Don’t let betting jargon put you off. For example, you may hear phrases such as ‘price’, ‘fixed-odds’, ‘SP’, ‘odds-on’ or ‘on the nose’. These are easily explained:
Price: This just means the odds a betting operator is offering you on a particular horse.
Fixed-odds: A fixed-odds bet is one where you get the odds advertised by the betting operator at the time you placed the bet.
SP: This stands for Starting Price and is the official odds a horse started the race with. You can ask to place an SP bet with a bookmaker (but not the Tote). Some people do this if they think the horse they wish to bet on will start the race at a better price than is being advertised at the time, perhaps because of late money for another horse in the race.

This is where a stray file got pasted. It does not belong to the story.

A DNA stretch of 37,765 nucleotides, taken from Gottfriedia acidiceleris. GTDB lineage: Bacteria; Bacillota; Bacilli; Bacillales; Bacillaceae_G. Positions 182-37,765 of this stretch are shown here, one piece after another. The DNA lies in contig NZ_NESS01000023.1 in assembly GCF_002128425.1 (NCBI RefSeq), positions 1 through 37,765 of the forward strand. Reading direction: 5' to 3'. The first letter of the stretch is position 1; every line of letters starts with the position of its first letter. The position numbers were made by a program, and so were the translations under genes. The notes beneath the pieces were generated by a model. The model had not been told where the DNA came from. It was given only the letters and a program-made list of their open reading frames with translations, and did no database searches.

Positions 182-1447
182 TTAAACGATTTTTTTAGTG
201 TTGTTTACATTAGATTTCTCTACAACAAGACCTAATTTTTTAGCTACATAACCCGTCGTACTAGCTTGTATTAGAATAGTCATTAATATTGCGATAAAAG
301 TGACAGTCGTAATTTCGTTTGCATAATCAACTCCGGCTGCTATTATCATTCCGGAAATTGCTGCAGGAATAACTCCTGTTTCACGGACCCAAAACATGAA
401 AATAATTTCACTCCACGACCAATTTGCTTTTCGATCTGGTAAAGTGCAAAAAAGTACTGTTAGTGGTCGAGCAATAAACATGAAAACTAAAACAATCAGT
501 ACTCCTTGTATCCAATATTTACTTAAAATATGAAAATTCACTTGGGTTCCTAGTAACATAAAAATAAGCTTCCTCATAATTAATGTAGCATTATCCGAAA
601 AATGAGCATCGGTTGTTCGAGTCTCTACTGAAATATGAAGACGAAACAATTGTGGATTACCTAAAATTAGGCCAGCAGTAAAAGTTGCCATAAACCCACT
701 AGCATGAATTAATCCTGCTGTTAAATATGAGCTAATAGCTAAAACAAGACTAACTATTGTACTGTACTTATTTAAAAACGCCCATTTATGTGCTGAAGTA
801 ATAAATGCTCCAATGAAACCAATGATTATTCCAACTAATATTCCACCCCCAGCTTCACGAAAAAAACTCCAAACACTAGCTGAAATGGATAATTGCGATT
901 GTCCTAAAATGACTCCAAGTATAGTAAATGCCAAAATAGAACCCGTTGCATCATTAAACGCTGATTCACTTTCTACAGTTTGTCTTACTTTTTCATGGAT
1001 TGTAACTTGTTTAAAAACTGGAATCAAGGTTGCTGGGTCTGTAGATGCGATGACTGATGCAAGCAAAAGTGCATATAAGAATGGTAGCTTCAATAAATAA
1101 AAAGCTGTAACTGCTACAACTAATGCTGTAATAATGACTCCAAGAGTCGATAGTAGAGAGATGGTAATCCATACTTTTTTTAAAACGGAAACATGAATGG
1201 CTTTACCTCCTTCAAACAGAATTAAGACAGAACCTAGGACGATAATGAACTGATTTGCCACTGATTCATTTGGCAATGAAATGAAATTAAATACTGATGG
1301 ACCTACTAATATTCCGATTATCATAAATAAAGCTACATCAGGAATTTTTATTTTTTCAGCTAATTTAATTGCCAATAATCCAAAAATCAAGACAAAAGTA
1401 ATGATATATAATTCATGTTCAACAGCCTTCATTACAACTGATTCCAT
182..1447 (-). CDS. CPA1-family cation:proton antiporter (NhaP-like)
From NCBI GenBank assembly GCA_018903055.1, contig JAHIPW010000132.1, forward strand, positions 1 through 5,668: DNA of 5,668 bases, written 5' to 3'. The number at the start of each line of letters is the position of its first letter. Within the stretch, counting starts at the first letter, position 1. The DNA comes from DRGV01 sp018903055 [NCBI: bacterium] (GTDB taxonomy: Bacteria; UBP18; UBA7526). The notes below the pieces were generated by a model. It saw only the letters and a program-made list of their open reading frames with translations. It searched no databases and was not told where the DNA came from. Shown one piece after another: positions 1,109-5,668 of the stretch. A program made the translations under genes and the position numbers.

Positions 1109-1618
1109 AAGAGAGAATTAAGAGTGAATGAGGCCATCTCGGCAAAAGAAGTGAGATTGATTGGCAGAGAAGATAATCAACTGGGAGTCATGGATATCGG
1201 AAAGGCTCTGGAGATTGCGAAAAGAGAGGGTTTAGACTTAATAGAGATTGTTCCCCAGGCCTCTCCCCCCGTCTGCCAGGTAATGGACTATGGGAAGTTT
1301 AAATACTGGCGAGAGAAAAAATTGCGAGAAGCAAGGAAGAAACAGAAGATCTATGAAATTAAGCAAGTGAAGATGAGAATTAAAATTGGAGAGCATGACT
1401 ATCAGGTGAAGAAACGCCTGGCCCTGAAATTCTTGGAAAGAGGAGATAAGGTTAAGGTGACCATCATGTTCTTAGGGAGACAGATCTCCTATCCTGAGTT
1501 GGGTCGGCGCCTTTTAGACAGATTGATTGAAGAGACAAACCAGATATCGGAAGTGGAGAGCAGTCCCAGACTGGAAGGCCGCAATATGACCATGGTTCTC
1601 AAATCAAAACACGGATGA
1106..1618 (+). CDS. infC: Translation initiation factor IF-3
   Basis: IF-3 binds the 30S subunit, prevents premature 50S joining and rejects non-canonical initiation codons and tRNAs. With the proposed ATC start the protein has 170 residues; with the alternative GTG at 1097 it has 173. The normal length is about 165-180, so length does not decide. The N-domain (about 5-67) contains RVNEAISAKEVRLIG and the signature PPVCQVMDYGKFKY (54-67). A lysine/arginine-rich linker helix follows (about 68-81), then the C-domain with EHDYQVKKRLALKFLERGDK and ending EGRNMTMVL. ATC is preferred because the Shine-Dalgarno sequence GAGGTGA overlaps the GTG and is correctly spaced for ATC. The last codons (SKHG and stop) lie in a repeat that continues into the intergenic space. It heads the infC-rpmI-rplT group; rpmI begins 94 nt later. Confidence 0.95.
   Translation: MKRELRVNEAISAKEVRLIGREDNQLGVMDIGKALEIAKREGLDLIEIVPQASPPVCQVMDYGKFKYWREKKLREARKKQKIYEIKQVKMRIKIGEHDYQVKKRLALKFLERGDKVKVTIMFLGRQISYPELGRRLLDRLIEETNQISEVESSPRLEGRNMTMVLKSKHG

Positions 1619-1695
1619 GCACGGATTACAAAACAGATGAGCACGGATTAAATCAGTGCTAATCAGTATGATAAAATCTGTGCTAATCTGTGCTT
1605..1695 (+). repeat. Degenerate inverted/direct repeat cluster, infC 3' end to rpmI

Late money: You may hear this said when a horse is heavily backed in the final stages before a race.
Odds-on: When a horse is a strong favourite to win their price may be odds-on. This means you will make a profit of less than £1 for every £1 you bet on it. If the betting operator displays fractional prices, a horse that is odds-on will have a price where the larger number is on the bottom of the fraction i.e. 1/2. If a betting operator is using decimal odds, this will be displayed as a number less than 2.00.
Evens (Even money or EVS): When a horse is strong favourite to win their price may be described as Evens. This means you will make a profit of £1 for every £1 you bet on it. If a betting operator is using decimal odds, this will be displayed as 2.00.
Long odds: This means a horse is expected to have a low chance of winning the race, but if they do you will receive many multiples of your stake back as winnings if you have bet on it. For example, a horse priced at odds of 50/1 would be described as having long odds.
Short odds:This means a horse is expected to have a high chance of winning the race, but if they do you will make a relatively small profit on your stake if you have bet on it. For example, a horse priced at odds of 6/4 would be described as having short odds.